Do companies really understand their customers? If they did, surveying customers wouldn’t be such a big business. There is often a serious gap between the quality of customer service companies think they are providing and the quality of service customers say they are providing.
According to a recent article by Amy Power on Business2Community, a 2013 HelpScout.com survey found that 80 percent of companies believe they are providing “superior” customer service, but only 8 percent of these companies’ customers think that they actually deliver “superior” customer service. One might have predicted a small gap – it’s impossible for companies to truly get into customers’ heads – but a 72 point gap? Clearly, most companies are still doing something very wrong.
The methods of fixing a customer support system are varied and detailed, but before a company engages in any fixing, they need to know precisely what the problems are. This is where social media monitoring can be an excellent resource and tool. More than half of customers under 35 today use social media to complain about companies and services, according to JD Power. The information is readily available, you simply need to be in a position to find these posts. From there, you can respond to them and turn the situations from complaints into opportunities.
“Using your social media feeds for customer service can be an absolutely terrific way to respond to both negative and positive customer queries,” writes Power. “Edison Research found in 2013 that 42 percent of consumers expected a response from a company within 60 minutes of posting a comment/complaint on a company’s social media sites. What’s more, consumers appreciated a company that provided an incomplete or ineffective response more than a company that provided a slower, but more complete response. Quickness counts when it comes to social media!”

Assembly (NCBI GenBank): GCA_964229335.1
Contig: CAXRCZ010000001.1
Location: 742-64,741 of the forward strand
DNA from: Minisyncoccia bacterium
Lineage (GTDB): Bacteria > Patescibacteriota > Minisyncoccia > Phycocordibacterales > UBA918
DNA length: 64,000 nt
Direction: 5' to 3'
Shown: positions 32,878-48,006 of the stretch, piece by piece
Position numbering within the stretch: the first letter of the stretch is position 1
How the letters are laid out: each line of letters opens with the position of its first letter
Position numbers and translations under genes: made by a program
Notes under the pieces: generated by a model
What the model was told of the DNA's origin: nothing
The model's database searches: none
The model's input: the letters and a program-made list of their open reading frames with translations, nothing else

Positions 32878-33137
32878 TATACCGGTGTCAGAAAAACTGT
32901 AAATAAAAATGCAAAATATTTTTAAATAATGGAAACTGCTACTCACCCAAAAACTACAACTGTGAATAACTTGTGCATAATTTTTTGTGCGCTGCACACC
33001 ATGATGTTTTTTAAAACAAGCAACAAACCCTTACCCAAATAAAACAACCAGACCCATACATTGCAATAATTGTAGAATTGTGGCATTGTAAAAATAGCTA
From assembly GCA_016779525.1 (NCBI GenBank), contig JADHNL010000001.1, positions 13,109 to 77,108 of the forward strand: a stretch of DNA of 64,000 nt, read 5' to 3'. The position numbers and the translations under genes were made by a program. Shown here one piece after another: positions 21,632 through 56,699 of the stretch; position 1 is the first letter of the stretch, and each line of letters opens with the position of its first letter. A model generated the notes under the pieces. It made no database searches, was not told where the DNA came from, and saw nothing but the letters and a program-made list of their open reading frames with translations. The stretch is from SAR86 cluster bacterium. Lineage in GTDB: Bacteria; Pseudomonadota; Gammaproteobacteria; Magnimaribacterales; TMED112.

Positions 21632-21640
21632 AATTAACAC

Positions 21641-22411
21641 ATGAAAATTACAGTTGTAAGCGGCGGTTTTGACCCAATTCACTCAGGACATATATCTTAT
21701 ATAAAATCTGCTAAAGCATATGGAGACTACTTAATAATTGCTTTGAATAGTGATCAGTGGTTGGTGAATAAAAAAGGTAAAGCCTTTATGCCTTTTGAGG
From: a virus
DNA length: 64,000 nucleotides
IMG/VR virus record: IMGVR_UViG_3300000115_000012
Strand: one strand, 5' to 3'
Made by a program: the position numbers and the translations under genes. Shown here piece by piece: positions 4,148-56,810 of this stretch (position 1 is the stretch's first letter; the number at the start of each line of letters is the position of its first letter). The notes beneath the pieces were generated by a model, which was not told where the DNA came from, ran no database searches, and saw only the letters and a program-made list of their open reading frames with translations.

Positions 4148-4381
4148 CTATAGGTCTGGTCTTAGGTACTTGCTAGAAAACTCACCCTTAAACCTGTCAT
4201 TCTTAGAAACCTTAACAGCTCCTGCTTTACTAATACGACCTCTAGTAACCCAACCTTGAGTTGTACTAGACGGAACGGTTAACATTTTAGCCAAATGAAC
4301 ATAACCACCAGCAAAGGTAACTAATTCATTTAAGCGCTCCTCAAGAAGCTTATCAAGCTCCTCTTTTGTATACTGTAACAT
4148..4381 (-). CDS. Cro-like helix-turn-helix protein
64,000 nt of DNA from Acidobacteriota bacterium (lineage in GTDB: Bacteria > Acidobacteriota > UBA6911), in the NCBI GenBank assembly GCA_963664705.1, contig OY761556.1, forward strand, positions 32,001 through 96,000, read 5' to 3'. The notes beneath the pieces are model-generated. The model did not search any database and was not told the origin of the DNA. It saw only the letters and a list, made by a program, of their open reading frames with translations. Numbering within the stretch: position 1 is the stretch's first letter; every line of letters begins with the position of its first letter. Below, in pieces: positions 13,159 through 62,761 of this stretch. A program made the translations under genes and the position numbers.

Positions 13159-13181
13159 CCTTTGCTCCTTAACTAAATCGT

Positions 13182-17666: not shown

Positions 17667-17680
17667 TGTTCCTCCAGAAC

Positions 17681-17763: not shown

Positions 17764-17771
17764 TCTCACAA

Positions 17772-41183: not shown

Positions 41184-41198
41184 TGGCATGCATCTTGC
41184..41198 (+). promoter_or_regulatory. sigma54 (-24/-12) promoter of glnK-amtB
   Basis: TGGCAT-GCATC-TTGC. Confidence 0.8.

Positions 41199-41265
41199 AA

Social media is a way for companies to say to customers, “We’re here. We hear you. We want to help, and we want to change.” In the past, some studies have found that customers who complain but have their issue resolved to their satisfaction make even more loyal customers than those who never had a complaint in the first place.
Social media monitoring, therefore, is a critical component of today’s multichannel contact center. It can’t be an isolated operation, stuck in marketing and disconnected from the customer experience. It can’t be a sales function that will distract sales personnel from doing their real job. It needs to be a contact center operation that can be tied into the overall cradle-to-grave customer relationship, handled like any other customer contact and resolved using the full arsenal of the contact center’s resources: CRM, customer history, billing and shipping information and more.
For many companies, social media has represented a significant challenge to success. For smart companies, it should represent what it really is: a powerful opportunity when used and handled properly.
Edited by Maurice Nagle